What is incremental learning?
This article describes the fastest avenue towards rock-solid lifetime knowledge: Incremental Learning.
Incremental learning is the fastest and the most comprehensive way of learning available to students at the moment of writing (2013).
Incremental learning is a consolidation of computer-based techniques that accelerate and optimize the process of learning from all conceivable material available in electronic form, and not only.
Currently, SuperMemo is the only software that implements incremental learning. In SuperMemo, the student feeds the program with all forms of learning material and/or data (texts, pictures, videos, sounds, etc.). Those learning materials are then gradually converted into durable knowledge that can last a lifetime.
Incremental learning helps the student convert all forms of learning material into durable and lasting memories.
In incremental learning, the student usually remembers 95% of his or her top priority material. That knowledge is relatively stable and lasts in student's memory as long as the process continues, and well beyond.
Incremental learning easily ensures 95% recall of top-priority learning material for lifetime (as long as the student ensures a regular review along the prescription provided by the program).
The cost of high knowledge retention is very small when compared with various traditional learning methods. For example, in learning a language, the vocabulary of an educated native speaker can be retained in SuperMemo at the cost of 20 minutes per day in the first years of the process, and mere minutes in later years (assuming the original set is acquired in portions spread over 4 years in 30-50 min. sessions).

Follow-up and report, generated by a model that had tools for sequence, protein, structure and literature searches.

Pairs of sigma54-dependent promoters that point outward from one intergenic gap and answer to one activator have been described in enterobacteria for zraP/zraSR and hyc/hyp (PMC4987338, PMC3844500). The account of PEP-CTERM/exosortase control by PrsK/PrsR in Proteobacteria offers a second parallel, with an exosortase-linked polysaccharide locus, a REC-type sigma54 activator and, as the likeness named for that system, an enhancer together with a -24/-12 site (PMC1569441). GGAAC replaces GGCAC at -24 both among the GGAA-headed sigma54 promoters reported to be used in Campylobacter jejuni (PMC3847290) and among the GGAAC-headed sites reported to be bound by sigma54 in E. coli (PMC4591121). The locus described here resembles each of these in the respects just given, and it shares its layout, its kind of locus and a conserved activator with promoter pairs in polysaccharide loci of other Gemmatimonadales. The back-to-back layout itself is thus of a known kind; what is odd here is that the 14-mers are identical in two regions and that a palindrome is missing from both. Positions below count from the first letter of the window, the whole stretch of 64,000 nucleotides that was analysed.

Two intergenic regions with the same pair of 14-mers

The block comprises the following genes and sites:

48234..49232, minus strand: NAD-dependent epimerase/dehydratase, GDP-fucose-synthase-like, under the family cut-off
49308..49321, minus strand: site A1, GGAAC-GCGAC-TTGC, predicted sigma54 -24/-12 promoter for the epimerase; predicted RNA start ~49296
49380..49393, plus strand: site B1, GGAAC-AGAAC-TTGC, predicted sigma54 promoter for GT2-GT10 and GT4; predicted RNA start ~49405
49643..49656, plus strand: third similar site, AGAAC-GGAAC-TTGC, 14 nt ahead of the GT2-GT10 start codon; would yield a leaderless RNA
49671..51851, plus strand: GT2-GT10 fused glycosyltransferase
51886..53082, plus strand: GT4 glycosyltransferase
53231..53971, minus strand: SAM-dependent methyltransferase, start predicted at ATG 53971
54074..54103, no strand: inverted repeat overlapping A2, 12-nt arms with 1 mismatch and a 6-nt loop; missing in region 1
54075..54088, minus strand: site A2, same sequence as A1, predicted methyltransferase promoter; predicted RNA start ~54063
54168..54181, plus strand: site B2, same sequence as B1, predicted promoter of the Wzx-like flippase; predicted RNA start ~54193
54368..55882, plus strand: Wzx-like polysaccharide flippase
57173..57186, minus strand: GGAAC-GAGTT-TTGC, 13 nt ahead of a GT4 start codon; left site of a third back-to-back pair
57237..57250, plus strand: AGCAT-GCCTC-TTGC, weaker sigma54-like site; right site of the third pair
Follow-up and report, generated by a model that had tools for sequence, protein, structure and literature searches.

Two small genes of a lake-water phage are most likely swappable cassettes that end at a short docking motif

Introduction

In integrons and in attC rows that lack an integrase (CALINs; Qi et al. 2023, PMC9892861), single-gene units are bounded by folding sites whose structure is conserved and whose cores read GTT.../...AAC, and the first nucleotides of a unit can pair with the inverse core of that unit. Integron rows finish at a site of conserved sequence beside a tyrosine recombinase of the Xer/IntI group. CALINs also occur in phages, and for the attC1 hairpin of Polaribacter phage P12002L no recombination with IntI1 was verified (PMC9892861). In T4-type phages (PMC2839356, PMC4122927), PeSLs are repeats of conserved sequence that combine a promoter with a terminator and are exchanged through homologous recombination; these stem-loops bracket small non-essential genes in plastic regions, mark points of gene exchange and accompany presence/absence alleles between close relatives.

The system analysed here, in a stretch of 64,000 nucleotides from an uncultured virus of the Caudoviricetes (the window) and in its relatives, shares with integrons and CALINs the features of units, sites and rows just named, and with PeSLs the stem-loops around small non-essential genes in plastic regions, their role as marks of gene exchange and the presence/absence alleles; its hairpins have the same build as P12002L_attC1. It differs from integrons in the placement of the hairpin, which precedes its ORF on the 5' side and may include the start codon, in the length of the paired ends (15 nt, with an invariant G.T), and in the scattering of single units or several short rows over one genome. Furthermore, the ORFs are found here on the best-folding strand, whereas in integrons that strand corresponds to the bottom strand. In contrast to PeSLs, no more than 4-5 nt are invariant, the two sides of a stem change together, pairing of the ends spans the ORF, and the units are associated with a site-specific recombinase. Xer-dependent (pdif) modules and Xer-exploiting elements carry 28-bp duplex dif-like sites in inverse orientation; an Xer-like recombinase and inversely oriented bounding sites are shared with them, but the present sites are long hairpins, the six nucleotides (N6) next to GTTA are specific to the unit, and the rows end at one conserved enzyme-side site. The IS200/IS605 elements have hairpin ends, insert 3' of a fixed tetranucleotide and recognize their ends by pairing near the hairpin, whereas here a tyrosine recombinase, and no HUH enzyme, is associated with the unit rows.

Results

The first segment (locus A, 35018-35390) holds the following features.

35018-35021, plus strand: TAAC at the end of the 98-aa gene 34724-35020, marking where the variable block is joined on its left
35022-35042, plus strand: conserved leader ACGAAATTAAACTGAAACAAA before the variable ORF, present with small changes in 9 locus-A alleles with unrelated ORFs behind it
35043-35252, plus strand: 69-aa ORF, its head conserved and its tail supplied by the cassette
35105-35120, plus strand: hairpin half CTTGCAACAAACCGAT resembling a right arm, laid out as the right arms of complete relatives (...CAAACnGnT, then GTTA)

Incremental learning ensures high recall at a fraction of the cost in time (as compared to textbook learning).
The incremental learning derives its name from the incremental nature of the learning process. In incremental learning, all facets of knowledge receive a regular treatment, and there is a regular inflow of new knowledge that builds upon the past knowledge. In incremental learning, the student sits in the driving seat and determines which knowledge should be mastered. He or she determines when this happens, with what degree of detail, at what priority, and at what desired degree of recall/retention. For example, in a single session, the student may learn a few facts of geography, discover a few rules of healthy lifestyle, figure out a few statistical formulas, read a couple of paragraphs from a friend's blog, process a few minutes of his home video collection, annotate a few family pictures, watch a few pieces from his YouTube video collection, and read a few articles in subjects related to a forthcoming exam. In other words, all areas of knowledge keep growing in parallel in proportion to interests and importance.
Typical learning at school puts an emphasis on a few areas of knowledge and neglects all the remaining areas. A medical student may spend a few months mastering anatomy, while gradually forgetting his biochemistry material in the meantime (or the other way round). At the same time, he or she will not find time to study important issues of the day that will always depend on a given person in a given context. With blinkers imposed by the heavy load of school material, the student may never find time, for example, to figure out what incremental learning is. Narrow horizons and narrow perspectives only make it harder to further rationalize the selection of the learning material.
Incremental learning is the opposite of the irrational school system learning in which a heavy focus is put on just a few areas of knowledge in a semester (at the cost of other, equally important, areas of learning).